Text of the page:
The car stops. Alex gets out and opens my door for me. I grab my white stick, which is basically a walking stick for blind people.
“You don’t need that. I’ll lead you myself.” He grabs my hand and we start walking.
I can feel the presence of trees all around me. Alex tells me that we’re on a hiking trail. Though I can’t see it, I can hear and smell it. Birds chirp loudly above me. The wind blows my hair in my face, and Alex pushes it behind my ear.
“I brought some food with us. We can have a picnic!” I feel a whoosh sound as Alex lays down the blanket. He leads me over and helps me sit down.
“What did you bring?” I try to smell the air and catch a whiff of what’s in the basket.
“See...I mean taste for yourself,” he says, handing me what feels like a sandwich. I can feel the rough texture on my fingertips.
It’s been hard putting all of my trust into Alex. Now that I’m blind, I just have to believe that he’s not doing things that could hurt me. For all I know this sandwich could be a dirty diaper or something. He could easily fool me if he wanted to, and I wouldn’t be aware of it until it already happened. Despite all of this, I take a small bite of what Alex gave me. Sure enough, it’s a sandwich. Peanut butter and honey, my favorite.
“You’re amazing, Alex,” I pull my lips into a smile and take another bite.
“So are you.”
As we continue eating, I feel the mood change very quickly. Alex seems tense, apprehensive even.
“What’s wrong?” I pull my eyebrows together, displaying my confusion.
“I need to tell you something. I think it might ruin what we have now, but you deserve to know.” I imagine him looking at the ground, nervous to tell me what he’s been hiding.
“Alex, I can’t think of anything that could ruin us. Trust me.” I feel for his hand and grab it. He pulls away.
“Honestly I’m surprised you haven’t realized it yet. Or maybe you have. I can’t believe my sister didn’t say anything. The only people who know about us are my sister and your dad. We both know he doesn’t agree with us. It’s how he was raised and how you were raised. Has he told you anything about me? What I look like?” Alex is shaking his head, I can sense it. I feel his exasperation, and I want to comfort him.
“No, my dad doesn’t talk about you. Alex I don’t need to know what you look like. I know who you are, and I know your heart. That’s all I need, okay?”
The air feels still. Why is everything so tense all of the sudden?
“You don’t understand. Eden, I’m a girl. In these past few months we’ve been together, I’ve tried to hide it from you,” he...or she... grabs my hand, “I didn’t go to the bathroom at the same time as you. I tried acting more ‘boyish’ I guess. But I’m done making a fool of myself. And I’m done hiding from you. I’m a girl. I hope this wasn’t news to you,” I hear Alex take a deep breath. I didn’t see this coming.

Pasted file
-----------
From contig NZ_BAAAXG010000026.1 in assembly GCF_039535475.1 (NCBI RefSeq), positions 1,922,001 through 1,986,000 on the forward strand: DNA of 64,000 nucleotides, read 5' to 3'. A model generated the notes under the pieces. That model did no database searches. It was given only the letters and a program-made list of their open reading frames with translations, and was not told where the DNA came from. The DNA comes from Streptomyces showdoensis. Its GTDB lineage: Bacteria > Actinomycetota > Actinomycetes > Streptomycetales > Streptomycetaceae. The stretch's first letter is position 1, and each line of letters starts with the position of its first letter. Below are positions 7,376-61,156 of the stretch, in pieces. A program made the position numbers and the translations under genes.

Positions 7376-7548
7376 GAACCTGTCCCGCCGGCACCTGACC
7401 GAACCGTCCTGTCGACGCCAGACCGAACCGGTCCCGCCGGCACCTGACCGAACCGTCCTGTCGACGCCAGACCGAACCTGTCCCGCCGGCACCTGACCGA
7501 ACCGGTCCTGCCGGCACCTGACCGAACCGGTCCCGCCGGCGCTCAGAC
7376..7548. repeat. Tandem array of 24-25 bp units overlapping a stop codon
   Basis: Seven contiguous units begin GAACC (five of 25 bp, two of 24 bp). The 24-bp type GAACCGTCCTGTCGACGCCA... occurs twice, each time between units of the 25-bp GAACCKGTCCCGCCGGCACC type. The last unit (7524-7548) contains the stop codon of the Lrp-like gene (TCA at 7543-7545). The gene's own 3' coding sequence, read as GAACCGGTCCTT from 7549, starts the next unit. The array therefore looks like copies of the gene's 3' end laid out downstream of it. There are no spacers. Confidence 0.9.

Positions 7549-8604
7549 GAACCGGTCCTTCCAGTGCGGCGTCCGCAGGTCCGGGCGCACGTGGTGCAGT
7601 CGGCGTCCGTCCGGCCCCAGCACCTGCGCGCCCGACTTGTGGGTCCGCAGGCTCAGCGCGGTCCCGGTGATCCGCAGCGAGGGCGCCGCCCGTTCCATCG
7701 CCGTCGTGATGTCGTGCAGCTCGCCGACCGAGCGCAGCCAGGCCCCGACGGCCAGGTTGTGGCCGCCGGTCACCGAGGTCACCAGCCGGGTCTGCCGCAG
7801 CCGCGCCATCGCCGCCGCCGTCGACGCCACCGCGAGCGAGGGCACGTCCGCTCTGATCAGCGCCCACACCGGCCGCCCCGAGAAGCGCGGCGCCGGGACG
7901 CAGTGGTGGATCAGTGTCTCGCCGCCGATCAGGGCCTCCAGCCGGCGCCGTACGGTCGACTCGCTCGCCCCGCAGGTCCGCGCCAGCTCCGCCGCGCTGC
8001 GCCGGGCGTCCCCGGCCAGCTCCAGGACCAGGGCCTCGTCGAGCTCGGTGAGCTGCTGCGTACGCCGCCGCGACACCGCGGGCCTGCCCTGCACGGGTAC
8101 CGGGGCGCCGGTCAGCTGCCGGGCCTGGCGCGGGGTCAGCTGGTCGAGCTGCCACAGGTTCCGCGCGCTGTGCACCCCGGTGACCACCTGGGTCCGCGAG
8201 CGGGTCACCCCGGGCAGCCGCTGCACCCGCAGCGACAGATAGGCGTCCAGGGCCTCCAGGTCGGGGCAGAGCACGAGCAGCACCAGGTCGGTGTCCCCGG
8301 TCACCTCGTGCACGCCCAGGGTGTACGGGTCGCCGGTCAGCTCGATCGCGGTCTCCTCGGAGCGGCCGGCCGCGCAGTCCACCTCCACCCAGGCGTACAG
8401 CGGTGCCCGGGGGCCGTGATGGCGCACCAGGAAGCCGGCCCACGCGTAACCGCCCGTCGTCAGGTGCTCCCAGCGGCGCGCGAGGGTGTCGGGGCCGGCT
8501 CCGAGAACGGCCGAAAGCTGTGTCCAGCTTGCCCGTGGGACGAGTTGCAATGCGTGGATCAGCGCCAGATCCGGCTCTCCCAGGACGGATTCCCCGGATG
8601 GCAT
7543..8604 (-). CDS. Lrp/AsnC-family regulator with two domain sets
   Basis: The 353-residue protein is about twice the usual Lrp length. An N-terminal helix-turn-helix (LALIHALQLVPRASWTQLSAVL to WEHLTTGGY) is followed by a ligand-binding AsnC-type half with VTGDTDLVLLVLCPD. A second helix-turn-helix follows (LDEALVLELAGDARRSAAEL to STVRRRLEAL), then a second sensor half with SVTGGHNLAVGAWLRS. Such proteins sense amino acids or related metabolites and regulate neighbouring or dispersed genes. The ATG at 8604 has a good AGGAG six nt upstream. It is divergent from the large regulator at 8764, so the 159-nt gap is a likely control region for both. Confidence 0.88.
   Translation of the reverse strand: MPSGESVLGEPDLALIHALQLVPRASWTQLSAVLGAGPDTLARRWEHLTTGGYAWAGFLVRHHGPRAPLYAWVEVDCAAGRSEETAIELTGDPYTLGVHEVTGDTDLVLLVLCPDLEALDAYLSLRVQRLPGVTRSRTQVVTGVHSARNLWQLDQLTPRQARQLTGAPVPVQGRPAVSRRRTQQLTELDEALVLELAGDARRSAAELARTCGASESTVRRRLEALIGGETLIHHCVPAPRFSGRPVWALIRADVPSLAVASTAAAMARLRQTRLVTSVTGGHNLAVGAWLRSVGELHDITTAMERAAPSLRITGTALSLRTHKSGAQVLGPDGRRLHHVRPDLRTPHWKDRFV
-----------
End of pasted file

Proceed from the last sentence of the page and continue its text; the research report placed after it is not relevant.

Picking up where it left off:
Now I’m the one pulling away. I have no idea what to say. Yeah, Alex. This is news to me. I had no freaking idea. I don’t know whether to be mad at Alex for hiding this from me, or mad at myself for being so stupid. I can’t believe this could happen after giving all of my trust to this...person.
“Bring me straight home, now.” Fuming, I get up and start walking. I focus on putting one foot in front of the other as twigs and leaves crunch beneath my shoes. I hold my breath, trying to focus on what’s around me. I wouldn’t want to run into a tree and be more humiliated than I already am. I wish I would’ve brought my white stick
“Please, Eden. Let me help you. There’s no way you can do this on your own. Please,” I feel the warmth of her hand on my arm, trying to guide me. I used to crave this touch. I used to crave his touch. This girl is not the person I loved. This new warmth and this new hand is not what I used to crave. This is not the same person.
“Take me to the car. I don’t even know you anymore.” I let her lead me by the arm, towards what will probably be the most awkward car ride of my life.
As soon as the car stops at my house, I grab my white stick and hop out.
“Eden, wait! Please just listen to me.” I let myself relax, hearing the pleading in her words. What else could she say that would hurt me more than I already have been?
“Eden, what changes now? I’m the same person you loved two hours ago. I don’t feel any differently. Why do things have to be like this?”
I run my fingers through my hair and sigh. “You can’t try and guilt me into this. I’m not gay. I like boys. I’m not into girls, Alex. I put all of my trust in you. I let myself be vulnerable around you. You can’t expect me to just change my sexuality to make you happy. I can’t see you anymore because of how much you betrayed me. Please, leave me alone. You’ve lied to me enough.”
“Eden, please,” her voice cracks. I hear the sadness in her voice.
“Me too.”
And with that, I slam the car door shut and walk away.